11. Nod only when you agree

Some people are nodding their heads constantly to show that they understand what the interviewer is saying. This can be perceived as (too) obedient or not sincere. Therefore, only nod your head if you agree, when you understand an important point and when you want to invite your conversation partner to continue talking.

Also, keep your head still as much as possible and / or mirror the movements of the head of your conversation partner. If you subtly mirror the (head) movements of your conversation partner, you implicitly show that you agree with what is being said.

Your arms and hands as a means of communication

12. Never cross your arms

Crossed arms give a ‘closed’ impression. As a result, crossed arms are often interpreted as a symbol of uncertainty, unreliability or lack of interest. Try to avoid this by not crossing your arms.

13. Use you arms and hands (only) to emphasize your story

Use your arms (only) to emphasize your message. Practice this at home in front of the mirror and/or with your friends and family. On the internet you can find lots of instructional videos that demonstrate how you can emphasize different messages with your arms and hands.

14. What to do with your arms and hands if you are not speaking

Put your hands on your lap or on the table. If you put your arms and hands on the table, then gently lean over to your conversation partners. This way you emphasize that you are listening attentively. You can fold your hands loosely, but make sure you don’t squeeze the blood out of your fingers.

15. Avoid a tense impression with your hands and fingers

Holds and move your hands in a calm and natural manner when you are talking. Try to keep your hands still if you are not talking. Don’t tick on the table and don’t make other any rhythmic movements that can reveal your stress (and that can irritate your conversation partners).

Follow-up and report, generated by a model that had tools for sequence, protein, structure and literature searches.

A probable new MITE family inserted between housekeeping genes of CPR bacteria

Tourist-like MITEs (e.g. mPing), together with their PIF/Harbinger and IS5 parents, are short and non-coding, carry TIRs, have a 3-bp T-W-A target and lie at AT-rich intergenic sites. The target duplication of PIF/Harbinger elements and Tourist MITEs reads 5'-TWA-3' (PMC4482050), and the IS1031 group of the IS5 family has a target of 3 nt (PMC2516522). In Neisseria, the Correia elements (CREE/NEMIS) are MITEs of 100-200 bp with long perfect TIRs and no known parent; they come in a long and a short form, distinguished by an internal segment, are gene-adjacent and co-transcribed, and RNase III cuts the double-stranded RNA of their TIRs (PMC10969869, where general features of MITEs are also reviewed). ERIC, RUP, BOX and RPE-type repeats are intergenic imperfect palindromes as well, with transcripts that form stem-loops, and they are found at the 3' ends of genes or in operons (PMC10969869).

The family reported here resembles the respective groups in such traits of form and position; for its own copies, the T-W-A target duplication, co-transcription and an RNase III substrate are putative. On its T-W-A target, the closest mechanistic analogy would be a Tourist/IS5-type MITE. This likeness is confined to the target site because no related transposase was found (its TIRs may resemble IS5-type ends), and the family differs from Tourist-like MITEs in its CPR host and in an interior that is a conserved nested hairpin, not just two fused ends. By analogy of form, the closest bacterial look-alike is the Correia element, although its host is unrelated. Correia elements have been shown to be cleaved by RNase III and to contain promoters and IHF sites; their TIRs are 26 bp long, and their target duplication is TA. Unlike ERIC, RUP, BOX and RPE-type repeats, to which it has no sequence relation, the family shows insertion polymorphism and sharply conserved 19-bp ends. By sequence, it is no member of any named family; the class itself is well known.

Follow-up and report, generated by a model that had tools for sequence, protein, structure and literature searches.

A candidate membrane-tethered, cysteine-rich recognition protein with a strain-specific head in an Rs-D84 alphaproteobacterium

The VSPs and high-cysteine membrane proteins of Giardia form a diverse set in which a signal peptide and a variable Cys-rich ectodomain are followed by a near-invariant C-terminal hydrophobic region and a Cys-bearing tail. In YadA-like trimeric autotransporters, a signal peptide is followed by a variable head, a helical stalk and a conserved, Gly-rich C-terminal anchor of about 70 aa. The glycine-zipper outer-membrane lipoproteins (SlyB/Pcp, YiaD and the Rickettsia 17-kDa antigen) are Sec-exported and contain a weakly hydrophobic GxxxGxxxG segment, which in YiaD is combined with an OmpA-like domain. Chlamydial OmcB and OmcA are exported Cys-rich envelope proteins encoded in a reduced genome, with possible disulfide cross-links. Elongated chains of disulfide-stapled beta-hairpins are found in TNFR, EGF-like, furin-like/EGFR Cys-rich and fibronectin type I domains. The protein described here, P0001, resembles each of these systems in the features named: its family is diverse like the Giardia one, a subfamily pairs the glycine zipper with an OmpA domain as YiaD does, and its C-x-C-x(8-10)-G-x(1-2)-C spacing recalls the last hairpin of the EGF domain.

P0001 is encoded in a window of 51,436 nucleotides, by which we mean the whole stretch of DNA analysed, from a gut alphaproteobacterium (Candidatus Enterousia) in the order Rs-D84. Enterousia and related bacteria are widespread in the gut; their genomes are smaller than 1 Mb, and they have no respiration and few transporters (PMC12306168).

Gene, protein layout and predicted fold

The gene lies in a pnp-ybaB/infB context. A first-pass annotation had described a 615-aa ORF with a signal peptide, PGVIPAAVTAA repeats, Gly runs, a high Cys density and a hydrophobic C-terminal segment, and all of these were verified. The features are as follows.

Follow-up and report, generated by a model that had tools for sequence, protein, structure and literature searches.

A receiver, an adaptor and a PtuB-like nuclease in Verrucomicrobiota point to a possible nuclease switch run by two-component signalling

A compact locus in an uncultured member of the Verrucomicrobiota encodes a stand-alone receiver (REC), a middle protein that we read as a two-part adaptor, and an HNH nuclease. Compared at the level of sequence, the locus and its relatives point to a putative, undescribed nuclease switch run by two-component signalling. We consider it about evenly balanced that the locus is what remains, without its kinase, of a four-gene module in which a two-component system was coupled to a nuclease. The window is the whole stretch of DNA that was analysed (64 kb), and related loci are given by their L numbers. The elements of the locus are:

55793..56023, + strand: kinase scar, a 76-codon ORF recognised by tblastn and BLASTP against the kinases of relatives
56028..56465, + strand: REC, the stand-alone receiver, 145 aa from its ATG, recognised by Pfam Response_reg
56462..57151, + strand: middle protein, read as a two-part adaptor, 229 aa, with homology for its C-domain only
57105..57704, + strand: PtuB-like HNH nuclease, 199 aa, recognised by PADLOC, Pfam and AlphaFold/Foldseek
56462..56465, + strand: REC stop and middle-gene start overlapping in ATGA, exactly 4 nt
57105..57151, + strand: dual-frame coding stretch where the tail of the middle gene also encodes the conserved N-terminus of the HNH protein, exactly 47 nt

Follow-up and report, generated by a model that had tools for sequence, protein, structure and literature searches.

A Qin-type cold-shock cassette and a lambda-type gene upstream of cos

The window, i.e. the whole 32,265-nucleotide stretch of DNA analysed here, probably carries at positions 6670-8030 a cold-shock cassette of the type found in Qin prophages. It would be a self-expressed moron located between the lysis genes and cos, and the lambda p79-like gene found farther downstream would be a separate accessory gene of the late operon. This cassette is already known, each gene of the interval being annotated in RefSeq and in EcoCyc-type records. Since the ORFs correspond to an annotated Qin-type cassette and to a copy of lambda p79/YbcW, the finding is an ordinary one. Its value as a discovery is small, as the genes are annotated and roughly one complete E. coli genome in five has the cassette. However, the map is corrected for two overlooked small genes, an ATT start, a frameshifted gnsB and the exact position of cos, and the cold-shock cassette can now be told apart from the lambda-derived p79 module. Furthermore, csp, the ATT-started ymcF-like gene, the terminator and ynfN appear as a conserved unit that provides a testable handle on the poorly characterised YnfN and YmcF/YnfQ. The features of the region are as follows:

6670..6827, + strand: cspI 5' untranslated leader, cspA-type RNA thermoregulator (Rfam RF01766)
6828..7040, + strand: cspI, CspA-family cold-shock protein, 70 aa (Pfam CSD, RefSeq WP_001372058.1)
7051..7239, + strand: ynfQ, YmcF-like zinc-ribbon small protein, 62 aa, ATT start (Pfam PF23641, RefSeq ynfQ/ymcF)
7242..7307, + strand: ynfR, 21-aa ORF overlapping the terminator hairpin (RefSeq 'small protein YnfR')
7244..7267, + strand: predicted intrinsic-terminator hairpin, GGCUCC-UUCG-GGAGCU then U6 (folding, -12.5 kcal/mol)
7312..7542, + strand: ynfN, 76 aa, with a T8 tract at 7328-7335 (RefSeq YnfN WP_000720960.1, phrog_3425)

16. Don’t touch yourself too much

This may sound odd, but it is a natural reflex to touch your nose, cheeks and lips when you are speaking. It is a common way to soothe yourself.

Try to avoid this. If you touch your face too much or if you play with your hands, fingers or jewelry you may be perceived as insecure and/or unreliable.

Questions or suggestions?

Do you have questions or suggestions regarding the content of this article? Do not hesitate to share them with us through the contact form below. Did you like this article? Then please do not hesitate to share it with your friends.

More information about body language

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In our next article we will discuss a.o. how you can use your shoulders, torso, face and legs to emphasize your message.

You can’t wait for our next article? On you will find a lot of information and tips on body language. The books Gezichtlezen of Chi An Kuei and What Every Body is Saying of ex-FBI agent Joe Navarro will also give you lots of practical information and a good basis to use your body as a means of communication.


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13 replies
  1. Chuck Masterson says:

    People can’t fake body language. So the secret is to think like you want to be seen. If you want confident body language, then you have to practice thinking about a time in your life when you were confident and your body will follow your thoughts.

  2. Alejandra says:

    Nice article, thank you very much for this tips, very useful indeed. One question, of course in an interview, the interviewee might get nervous for normal reason but, could it be thought that if a person feels surrounded by a comfortable environment (space, people… etc) the posture and the hands movement will flow naturally avoiding any of the mistakes here mentioned?

    • Maddali Laxmi Swetha says:

      In interview, out of 100% only 10% is given for body language and 90% depends on how well he or she good at answering to their questions or mainly performance in interview is very important.

  3. Mohamed says:

    Thank you very much , I needed this information specially those relevant to what to do with hands
    Tomorrow is my interview
    Thank you

  4. Richard Kwadzo Dela Asare says:

    Great piece. I am actually searching for these public speaking skills in order that I can properly locate myself in academia and industry. Thank you very much. This is timely!